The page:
By Emilie Beauchamp at Green Futures
The powerhouse of the industrial revolution is reinventing itself as a world low-carbon leader.
Will Manchester – former capital of the global cotton trade, birthplace of the industrial revolution, and home to the first modern computer – be renowned in the future for its low carbon lifestyles and clean tech economy?
That’s the plan. Organisations across Manchester city region are joining forces to shift towards a more resilient economy. New momentum comes from the launch of the Low Carbon Hub, a platform created by the Greater Manchester Combined Authority [GMCA] to promote the design and delivery of sustainable initiatives. The Hub will channel funds towards projects that touch all aspects of society, explains Mark Atherton, Environment Director at GMCA.
A combination of capital investment in low-carbon buildings and infrastructure, resource efficiency, and advice in innovation for businesses will set the region on track for a low-carbon economy. The Hub will also raise awareness of pilot projects to help them expand across the city region.
One project ready to grow is the Oldham Energy Switching Scheme, which encourages residents to join together and offer their collective purchasing power to energy companies at auction, to get a cheaper deal. So far, the scheme has attracted 8,726 households, and is set to achieve an average annual saving per household of £171, totalling an estimated £1.4 million. Plans are underway to extend it across Greater Manchester in 2013.
Domestic energy management will get smarter too. An agreement between Japan’s Department of New Energy and Development Organisation [NEDO] and the GMCA, backed by the Government, will see low-carbon heat units and a remote ‘smart grid’ management system fitted in homes across GM. Subject to feasibility, around 300 social-housing properties will become the first in the world to trial the technology which, if successful, could be rolled out to thousands of properties across the region. Electricity North West is working on a £10 million project with Ofgem to release unused capacity in the network and encourage customers to change the way they use electricity. Another £3 million scheme to facilitate housing retrofits and test Green Deal processes, called ‘Go Early’, will be rolled out, thanks to £1.3 million revenue funding agreed by the GMCA to cover procurement and start-up costs. Under an earlier programme, the non-profit company Northwards Housing installed solar panels on 711 houses, with Carillion Energy as its delivery partner, saving residents an estimated £74,000 per year.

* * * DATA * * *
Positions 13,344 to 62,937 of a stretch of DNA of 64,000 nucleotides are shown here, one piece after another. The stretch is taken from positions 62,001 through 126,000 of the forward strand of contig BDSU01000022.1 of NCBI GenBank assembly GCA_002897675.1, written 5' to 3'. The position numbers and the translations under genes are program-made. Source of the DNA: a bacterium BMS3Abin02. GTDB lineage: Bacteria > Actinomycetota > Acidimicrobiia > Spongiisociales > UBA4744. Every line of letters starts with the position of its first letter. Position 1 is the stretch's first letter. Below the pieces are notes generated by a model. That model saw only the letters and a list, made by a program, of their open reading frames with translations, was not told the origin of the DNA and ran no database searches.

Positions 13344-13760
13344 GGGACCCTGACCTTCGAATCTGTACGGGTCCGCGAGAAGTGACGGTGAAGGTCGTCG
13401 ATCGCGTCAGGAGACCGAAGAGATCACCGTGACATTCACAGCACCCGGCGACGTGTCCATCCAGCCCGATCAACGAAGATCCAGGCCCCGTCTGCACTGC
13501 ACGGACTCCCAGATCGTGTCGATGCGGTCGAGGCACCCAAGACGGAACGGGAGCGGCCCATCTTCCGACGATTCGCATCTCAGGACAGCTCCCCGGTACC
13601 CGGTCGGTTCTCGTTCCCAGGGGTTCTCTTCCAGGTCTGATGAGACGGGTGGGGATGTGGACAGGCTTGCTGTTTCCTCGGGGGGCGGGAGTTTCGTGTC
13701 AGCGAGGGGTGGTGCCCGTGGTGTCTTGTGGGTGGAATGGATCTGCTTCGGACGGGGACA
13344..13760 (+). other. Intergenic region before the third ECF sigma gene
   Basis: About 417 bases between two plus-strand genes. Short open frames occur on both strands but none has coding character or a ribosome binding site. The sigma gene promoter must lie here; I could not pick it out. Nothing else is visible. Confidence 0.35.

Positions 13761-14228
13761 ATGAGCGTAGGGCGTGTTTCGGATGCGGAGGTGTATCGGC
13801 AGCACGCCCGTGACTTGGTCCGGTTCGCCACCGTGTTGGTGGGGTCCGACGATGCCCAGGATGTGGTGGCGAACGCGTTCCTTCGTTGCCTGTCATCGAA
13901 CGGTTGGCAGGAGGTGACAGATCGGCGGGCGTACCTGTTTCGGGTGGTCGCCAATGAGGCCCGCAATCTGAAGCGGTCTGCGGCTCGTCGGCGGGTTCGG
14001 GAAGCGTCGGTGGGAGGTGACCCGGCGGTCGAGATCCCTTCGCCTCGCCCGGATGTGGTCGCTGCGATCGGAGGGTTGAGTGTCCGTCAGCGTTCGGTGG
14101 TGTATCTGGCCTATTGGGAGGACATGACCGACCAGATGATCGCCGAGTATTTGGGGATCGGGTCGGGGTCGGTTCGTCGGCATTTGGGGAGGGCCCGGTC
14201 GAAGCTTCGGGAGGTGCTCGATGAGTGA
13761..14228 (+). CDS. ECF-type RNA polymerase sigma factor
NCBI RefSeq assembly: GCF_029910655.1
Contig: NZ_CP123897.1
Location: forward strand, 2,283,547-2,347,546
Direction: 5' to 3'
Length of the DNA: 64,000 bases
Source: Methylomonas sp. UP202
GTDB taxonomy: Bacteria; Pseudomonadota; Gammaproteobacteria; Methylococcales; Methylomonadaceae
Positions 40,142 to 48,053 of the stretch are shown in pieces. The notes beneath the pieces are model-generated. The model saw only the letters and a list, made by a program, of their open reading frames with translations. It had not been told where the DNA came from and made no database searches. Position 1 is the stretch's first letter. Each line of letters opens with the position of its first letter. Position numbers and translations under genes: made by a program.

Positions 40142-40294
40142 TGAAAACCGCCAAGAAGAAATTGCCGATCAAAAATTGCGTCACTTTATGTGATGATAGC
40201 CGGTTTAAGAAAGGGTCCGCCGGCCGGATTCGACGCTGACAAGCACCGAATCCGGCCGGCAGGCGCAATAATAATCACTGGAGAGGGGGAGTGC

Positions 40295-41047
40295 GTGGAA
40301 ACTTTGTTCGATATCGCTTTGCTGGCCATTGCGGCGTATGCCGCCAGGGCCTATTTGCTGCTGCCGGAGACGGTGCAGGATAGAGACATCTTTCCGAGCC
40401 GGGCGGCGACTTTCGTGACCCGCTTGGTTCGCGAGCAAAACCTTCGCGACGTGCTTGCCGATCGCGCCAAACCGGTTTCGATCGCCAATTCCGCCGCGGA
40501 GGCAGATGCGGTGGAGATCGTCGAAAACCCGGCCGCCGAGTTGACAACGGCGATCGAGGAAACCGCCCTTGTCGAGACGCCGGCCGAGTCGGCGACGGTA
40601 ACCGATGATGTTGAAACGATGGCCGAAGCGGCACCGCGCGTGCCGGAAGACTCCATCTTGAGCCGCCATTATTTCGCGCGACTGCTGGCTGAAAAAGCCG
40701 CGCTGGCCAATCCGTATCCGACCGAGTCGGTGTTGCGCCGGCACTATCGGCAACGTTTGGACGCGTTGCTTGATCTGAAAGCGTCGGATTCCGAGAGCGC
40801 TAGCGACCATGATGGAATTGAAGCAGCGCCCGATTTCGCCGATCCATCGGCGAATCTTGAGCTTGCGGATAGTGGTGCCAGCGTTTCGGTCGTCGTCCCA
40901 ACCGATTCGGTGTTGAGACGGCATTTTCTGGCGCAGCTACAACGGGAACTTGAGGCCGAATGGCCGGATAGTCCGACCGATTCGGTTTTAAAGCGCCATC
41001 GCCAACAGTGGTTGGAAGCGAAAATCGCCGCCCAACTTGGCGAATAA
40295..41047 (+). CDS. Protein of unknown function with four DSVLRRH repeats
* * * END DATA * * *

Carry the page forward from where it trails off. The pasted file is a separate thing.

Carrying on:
The Hub will also give universities, businesses and NGOs a platform to share their knowledge, making sure start-ups have the necessary skills and technologies to take off. The £800 million low carbon redevelopment NOMA, backed by The Co-operative Group, is a big part of this, beginning with One Angel Square, the Group’s new head office [pictured]. Ruairidh Jackson, NOMA’s Strategy and Development Director, hopes the Hub will attract dynamic SMEs to Manchester and help train the local workforce in skills for low-carbon development. That is the key, he says, to creating a resilient economic model which will make Manchester an attractive place to live and work.
For Michael O’Doherty, who leads the Hub’s ‘Buildings’ work, the Low Carbon Hub is a way for Greater Manchester to take some of the risk out of investments in new business ideas, and make them a reality. He’s looking forward to connecting with other projects, and hopes they will “share the technological expertise and regulatory advice we need to scale up”.
Sir Richard Leese, leader of Manchester City Council, adds: “The Low Carbon Hub will enable us to pioneer exciting new projects, creating jobs and develop expertise which will prove essential over the next few years.”
High hopes, then – but ones that have won the backing of central Government. In October, the GMCA secured a unique `pathfinder’ commitment from the Department for Energy and Climate Change to help pioneer innovative approaches in the region. Through this, Manchester now hopes to provide an example of civic leadership globally, creating a clear strategy to cut its carbon emissions by almost 50% by 2020, in line with the UK’s national target.
Of course, good intentions don’t always translate into reality. The Hub aims to increase awareness and understanding of the challenges in achieving these targets. The biggest challenge, says Atherton, is to engage all of Greater Manchester’s population – communities, organisations and businesses – creating strong relationships over time which will put sustainable economic development at the heart of local decision-making and culture.